Berlin (Again, Always): Divine Sensation

It is raining, tonight, and the smell of wet concrete drifts in through Cora’s open window, rifling past the cheap lace curtains. In the distance, wetly, there are sirens.

It seems that recently the sensations of places have become as important as the sights. Berlin, this trip, has been as full of tastes as Dundee has been of smells.

First on the taste front was falafel, the best I’ve ever had. The crunchy, granular treat was hand molded before our eyes by a man in a tiny stall, a galley kitchen scarcely wider than a closet. He formed the falafel, tinted green with herbs, spinning his stainless steel falafel form, scraping off the excess with another steel implement, occasionally smooshing the falafel to be more flat than round. While they fried, he carefully lined bread with snappy slices of cucumber, fire-engine red tomatoes, and a generous helping of spaghetti-noodle-thin grated carrots. He arranged mint leaves among and across the crispy brown falafel, and spread a ginger nut paste on the bread, followed by a spicy mango sauce and a drizzle of yogurt.

It was a divine combination of textures and tastes. Hot falafel, crunchy on the outside but almost mashed potato smooth on the inside, layered against the cool vegetables and yogurt. The ginger was subtle, and the mango sauce had a character not entirely unlike mustard. The sweet carrots and the warm bread and the occasional suprising pop of mint all played in a suprisingly harmonious symphany, the complexity never quite descending into complete chaos. This, upon reflection, is much like Berlin herself: divine.

Today, Cora introduced me to handmade licorice candies. Walking along the tree-lined streets of Kreuzberg after a lunch of flatbread pizza (hers with mushrooms, arugula [that’s rocket to the non-yanks], and Parmesan, and mine with eggplant [aubergine] and grilled zucchini), we discovered a shop selling only licorice sweets. Four standing cases, golden wood with clear panels to allow for people to view the candies, stood in the store. Each case held two rows of shiny black candies of various shapes and makes. One case was even labeled as very strong candy for adults only. Cora, whose great love is licorice, had the young gentleman pick her a few candies from numerous bins, occasionally asking questions as he spooned the candies into a cone-shaped brown paper bag.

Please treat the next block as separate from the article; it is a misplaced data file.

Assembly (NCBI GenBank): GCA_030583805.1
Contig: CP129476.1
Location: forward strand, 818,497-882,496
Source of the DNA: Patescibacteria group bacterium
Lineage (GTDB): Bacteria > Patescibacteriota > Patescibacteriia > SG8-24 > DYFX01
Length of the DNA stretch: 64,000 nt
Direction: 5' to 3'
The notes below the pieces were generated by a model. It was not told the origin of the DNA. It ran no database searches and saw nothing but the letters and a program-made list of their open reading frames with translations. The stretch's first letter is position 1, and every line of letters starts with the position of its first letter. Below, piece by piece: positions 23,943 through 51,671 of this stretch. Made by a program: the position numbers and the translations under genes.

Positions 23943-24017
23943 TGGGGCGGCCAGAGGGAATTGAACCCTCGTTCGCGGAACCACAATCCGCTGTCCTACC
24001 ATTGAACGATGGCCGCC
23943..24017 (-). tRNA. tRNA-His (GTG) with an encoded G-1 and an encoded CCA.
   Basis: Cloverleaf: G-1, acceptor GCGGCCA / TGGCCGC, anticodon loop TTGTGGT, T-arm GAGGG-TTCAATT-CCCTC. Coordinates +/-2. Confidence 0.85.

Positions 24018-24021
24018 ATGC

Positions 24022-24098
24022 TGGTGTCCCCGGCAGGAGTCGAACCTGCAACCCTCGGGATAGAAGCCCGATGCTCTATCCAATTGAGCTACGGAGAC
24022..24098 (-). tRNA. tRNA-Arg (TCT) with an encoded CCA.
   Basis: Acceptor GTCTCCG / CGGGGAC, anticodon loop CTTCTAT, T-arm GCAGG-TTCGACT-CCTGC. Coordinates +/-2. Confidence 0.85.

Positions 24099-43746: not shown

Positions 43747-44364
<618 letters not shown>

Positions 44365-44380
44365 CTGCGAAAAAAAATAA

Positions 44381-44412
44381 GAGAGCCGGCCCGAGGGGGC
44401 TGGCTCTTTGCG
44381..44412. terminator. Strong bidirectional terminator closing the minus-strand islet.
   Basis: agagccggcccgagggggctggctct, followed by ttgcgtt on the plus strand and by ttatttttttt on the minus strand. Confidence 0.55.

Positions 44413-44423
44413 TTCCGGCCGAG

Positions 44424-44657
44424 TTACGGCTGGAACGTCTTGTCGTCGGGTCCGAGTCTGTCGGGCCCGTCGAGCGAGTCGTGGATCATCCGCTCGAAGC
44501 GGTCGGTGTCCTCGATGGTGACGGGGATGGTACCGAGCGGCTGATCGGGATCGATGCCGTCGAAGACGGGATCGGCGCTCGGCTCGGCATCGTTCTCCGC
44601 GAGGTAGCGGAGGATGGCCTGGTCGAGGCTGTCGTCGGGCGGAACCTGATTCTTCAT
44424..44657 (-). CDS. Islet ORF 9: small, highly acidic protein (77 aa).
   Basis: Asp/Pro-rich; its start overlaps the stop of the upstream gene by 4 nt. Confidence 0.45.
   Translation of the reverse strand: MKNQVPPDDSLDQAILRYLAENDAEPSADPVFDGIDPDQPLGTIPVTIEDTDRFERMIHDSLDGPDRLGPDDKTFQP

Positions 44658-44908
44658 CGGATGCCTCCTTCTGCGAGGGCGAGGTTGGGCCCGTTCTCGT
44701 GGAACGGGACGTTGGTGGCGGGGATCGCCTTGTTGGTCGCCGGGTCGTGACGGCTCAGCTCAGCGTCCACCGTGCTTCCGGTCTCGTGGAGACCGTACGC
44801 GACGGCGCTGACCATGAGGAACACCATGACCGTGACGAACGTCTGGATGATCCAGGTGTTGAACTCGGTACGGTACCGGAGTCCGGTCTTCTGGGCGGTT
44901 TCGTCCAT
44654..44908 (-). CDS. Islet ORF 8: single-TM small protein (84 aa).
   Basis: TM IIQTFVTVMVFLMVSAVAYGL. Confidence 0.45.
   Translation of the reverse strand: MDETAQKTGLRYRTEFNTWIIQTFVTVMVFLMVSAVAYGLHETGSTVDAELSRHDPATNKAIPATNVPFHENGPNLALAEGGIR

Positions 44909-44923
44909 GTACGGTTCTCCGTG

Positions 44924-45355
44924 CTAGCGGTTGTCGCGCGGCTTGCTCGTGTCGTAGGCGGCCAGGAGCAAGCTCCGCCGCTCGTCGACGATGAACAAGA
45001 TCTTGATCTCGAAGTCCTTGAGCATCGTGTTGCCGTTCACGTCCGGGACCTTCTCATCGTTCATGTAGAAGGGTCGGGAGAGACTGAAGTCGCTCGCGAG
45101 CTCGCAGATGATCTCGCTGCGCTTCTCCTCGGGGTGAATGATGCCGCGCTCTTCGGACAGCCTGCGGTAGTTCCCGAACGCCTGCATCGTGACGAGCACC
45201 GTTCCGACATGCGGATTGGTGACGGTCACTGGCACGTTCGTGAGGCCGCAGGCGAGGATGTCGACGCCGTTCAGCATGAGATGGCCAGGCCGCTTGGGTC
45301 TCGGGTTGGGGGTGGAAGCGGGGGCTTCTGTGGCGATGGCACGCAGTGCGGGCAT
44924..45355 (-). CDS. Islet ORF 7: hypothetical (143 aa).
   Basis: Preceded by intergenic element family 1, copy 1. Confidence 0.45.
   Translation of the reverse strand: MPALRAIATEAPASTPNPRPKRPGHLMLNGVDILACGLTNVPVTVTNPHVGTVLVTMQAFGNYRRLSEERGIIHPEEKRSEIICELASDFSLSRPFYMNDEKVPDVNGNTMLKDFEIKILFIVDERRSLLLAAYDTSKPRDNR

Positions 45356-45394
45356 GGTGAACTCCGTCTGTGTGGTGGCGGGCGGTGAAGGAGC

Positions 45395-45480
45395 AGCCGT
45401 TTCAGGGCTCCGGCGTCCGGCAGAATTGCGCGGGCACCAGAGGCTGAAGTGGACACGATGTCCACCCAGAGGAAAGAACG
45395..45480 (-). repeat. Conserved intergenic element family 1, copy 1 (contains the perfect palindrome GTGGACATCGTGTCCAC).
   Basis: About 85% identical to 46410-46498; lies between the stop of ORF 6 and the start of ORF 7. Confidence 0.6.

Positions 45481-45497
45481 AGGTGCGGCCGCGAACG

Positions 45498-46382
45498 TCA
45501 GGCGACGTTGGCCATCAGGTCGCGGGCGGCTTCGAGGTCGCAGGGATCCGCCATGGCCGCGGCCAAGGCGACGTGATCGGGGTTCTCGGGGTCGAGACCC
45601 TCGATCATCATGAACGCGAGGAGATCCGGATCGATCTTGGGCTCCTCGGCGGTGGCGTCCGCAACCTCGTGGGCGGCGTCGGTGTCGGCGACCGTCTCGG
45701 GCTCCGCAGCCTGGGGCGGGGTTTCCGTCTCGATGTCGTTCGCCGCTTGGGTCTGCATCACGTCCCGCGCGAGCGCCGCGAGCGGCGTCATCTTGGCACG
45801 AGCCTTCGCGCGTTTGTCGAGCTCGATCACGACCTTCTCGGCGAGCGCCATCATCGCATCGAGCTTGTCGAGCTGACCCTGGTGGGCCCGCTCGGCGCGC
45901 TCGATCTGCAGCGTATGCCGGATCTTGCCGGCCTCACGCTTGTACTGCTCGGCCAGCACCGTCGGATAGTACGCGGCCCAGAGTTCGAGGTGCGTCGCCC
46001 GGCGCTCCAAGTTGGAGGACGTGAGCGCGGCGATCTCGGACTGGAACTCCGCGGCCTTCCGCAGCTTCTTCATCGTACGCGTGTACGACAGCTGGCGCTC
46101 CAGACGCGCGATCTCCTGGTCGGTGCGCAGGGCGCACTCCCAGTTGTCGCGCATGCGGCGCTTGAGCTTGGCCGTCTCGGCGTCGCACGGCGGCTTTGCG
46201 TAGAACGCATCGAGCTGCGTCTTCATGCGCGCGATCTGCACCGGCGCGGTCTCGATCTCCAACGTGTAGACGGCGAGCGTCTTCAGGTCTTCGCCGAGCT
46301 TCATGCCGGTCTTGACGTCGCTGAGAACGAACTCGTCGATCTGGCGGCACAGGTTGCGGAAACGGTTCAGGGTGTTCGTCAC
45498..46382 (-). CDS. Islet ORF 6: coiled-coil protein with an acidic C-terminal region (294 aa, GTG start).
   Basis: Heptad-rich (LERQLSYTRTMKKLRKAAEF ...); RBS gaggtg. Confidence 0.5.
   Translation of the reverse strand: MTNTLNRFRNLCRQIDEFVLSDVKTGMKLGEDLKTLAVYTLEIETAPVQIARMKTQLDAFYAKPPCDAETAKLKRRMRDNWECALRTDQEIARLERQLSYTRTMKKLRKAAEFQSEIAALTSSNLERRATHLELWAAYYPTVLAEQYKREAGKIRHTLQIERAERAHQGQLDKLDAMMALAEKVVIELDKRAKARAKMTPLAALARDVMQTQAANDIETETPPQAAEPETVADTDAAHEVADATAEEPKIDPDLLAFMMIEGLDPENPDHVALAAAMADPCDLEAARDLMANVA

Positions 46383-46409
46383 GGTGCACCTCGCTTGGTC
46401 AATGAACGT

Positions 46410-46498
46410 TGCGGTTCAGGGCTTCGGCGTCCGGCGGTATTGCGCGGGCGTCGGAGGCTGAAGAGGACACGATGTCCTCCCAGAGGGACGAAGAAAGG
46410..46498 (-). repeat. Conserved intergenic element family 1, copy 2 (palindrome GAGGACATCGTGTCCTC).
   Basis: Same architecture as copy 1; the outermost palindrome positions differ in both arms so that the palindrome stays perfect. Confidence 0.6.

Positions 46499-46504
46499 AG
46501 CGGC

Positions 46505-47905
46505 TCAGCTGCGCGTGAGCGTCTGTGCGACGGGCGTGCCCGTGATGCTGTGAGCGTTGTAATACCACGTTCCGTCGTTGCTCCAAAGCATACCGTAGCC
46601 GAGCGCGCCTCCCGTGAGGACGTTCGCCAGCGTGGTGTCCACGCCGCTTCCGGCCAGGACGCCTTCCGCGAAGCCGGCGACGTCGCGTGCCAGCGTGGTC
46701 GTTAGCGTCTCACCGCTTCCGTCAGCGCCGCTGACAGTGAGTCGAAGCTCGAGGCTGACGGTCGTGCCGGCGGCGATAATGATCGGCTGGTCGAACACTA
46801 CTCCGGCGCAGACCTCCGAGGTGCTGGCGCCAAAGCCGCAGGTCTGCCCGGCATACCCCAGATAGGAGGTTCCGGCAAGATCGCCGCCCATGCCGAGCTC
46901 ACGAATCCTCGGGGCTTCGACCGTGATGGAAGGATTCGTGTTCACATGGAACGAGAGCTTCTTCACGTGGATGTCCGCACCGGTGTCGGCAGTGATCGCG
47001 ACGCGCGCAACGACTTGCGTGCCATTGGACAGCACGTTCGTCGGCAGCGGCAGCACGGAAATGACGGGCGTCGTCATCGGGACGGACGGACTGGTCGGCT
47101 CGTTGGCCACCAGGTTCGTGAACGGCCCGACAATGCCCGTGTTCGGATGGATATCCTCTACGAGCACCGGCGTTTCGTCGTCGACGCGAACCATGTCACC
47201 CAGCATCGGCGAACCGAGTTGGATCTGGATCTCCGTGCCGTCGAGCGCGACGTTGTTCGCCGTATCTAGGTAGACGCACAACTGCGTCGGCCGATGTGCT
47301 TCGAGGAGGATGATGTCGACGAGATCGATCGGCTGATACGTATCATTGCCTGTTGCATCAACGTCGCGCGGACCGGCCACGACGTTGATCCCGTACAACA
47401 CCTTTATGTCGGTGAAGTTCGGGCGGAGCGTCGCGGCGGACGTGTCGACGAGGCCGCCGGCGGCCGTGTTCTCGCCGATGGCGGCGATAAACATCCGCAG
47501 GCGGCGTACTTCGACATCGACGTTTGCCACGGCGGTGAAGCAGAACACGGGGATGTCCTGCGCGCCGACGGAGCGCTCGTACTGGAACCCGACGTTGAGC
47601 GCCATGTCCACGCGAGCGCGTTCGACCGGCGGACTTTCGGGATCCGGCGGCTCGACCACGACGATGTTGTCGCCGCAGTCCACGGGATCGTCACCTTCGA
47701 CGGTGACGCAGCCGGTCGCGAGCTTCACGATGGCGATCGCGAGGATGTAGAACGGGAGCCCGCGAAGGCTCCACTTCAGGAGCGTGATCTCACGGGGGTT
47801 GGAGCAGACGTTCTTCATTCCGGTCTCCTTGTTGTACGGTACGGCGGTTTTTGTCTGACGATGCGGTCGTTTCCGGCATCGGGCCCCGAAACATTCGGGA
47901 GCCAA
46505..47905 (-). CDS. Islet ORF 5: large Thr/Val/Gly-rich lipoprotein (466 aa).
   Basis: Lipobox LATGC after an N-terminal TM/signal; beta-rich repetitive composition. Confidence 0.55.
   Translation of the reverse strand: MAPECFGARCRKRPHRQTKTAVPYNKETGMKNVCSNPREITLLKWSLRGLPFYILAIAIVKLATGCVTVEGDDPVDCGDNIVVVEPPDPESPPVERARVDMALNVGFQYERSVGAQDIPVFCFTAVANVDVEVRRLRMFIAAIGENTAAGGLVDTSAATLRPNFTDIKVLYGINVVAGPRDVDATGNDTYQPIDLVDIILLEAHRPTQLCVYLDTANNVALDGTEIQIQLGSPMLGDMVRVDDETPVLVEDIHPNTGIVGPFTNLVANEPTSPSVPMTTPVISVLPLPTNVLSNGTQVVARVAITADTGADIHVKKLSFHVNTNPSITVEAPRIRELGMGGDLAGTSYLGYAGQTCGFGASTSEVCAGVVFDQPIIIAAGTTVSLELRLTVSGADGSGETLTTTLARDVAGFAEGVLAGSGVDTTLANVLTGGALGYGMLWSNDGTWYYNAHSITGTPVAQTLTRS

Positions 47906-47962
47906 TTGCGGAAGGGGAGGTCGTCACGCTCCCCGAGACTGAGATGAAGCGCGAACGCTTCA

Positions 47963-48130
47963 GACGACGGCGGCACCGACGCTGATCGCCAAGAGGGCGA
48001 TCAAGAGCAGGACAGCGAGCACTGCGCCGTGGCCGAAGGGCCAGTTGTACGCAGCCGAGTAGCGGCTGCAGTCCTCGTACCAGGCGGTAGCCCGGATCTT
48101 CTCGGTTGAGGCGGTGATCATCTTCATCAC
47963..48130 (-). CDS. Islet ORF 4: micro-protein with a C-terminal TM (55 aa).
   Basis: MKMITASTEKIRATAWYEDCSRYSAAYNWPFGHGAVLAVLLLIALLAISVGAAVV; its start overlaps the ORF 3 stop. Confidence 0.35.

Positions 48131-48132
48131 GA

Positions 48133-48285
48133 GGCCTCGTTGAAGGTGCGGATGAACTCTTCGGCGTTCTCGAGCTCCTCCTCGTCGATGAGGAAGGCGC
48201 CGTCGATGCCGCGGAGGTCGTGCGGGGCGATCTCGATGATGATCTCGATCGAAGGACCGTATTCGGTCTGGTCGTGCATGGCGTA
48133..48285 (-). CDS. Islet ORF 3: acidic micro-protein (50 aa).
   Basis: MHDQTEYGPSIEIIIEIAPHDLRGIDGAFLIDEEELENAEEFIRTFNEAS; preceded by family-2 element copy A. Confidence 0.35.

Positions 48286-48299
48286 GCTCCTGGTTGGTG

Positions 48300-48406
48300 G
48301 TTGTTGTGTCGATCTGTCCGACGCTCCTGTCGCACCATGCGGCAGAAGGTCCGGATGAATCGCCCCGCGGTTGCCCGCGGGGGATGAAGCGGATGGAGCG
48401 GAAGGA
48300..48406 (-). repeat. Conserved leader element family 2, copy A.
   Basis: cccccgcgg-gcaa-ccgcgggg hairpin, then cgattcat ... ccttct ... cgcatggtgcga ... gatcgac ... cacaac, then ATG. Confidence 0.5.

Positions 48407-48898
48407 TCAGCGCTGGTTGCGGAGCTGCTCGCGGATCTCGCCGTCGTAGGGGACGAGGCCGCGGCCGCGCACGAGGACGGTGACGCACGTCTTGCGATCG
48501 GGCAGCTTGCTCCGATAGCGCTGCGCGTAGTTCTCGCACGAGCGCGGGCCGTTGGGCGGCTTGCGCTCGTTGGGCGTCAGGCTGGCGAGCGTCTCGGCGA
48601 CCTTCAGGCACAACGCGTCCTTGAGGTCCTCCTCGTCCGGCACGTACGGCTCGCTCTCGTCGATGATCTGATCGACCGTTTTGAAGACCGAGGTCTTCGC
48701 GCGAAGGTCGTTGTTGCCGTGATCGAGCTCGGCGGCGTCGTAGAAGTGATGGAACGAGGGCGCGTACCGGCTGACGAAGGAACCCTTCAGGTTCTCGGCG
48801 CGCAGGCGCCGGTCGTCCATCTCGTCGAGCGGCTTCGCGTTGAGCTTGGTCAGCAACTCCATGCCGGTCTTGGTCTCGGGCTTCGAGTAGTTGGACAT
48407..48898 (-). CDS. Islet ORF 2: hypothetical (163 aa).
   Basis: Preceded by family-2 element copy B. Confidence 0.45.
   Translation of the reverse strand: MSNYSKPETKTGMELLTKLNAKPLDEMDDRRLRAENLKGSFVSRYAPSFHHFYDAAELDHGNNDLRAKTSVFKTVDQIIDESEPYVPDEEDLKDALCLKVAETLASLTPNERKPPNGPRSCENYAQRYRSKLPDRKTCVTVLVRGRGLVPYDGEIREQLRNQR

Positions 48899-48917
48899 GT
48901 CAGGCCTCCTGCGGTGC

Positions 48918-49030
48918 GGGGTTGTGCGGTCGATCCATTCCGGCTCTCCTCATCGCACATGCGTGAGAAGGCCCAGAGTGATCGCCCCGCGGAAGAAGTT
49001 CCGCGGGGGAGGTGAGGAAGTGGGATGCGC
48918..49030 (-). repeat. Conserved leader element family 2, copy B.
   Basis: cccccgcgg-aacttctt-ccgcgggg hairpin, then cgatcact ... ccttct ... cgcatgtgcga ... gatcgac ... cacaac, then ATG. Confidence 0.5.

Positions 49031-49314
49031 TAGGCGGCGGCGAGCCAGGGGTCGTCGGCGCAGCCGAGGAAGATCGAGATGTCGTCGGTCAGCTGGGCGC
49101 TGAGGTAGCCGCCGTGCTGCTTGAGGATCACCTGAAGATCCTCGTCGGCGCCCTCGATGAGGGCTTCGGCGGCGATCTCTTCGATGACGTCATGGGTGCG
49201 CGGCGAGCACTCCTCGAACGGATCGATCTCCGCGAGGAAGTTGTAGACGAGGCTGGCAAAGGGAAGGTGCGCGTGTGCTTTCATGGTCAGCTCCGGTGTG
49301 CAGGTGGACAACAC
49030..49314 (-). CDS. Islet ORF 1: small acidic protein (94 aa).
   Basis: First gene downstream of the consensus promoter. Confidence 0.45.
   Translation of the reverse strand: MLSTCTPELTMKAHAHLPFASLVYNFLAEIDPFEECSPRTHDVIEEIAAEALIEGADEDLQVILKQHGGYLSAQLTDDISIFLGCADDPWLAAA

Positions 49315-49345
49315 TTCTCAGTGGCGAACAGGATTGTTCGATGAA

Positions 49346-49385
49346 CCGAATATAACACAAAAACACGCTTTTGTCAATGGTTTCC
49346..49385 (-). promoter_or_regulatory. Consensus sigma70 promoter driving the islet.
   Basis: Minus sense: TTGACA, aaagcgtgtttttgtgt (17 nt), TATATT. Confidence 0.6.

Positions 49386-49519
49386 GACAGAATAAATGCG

A few pieces of these, she would say.

Of the mice? He would ask. (This was all taking place in German, of course).

Yes, and a few of those there as well, describing the next candy that caught her interest.

And so it continued, until she was satisfied with our treasure and we left.

We tasted the candies as we walked, starting with thin strings of candy, black and flexible. They were soft almost to the point of being cake-like, dense like fudgy brownies, and so reminiscent of molasses that the licorice was undetectable to me.

The second, small and round like a shiny black button, was complex (so complex!) and herbal, or maybe even floral, like roses (or maybe chamomille and lilac).

The third, light in color, and covered in sugar, tasted so strongly of anise that it left no doubt about its licoricy origins.

The final treat from our walk was a mild one, filled with a honey-nougat and tinged with mint. The salty warm softness of the honey nougat provided an interesting textural contrast to the elastic anise of the enveloping licorice candy.

Now I am trying a strange one, squishy like a jelly snack but cubic and covered in sugar. It is surprisingly salty–Cora says strong licorice is often paired with salt.

I used to hate licorice. Now I am a convert. More crazy complexity than dark chocolate, folks.

Also this week I have dined on currywurst, at what is purportedly the best currywurst in Berlin (though Steven disagrees.) Steven bought my dinner, curry wurst with pommes -rotweiss, meaning with both ketchup and mayonnaise. For the first time in my life I willingly ate mayonnaise on my french fries, and found it, to my surprise, delightful. The currywurst was nothing to write home about–having the texture somewhere between the texture of a hotdog and the omlette used in sushi. It is served with ketchup, and is only very subtly spiced with curry. I am not quite sure what the big deal is. The fries, hoever, were amazing. Long and thin, salty and crispy, dipped into the smooth mayonnaise and paired with the punchy ketchup. Divine.

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Berlin (Again, Always): Divine Sensation

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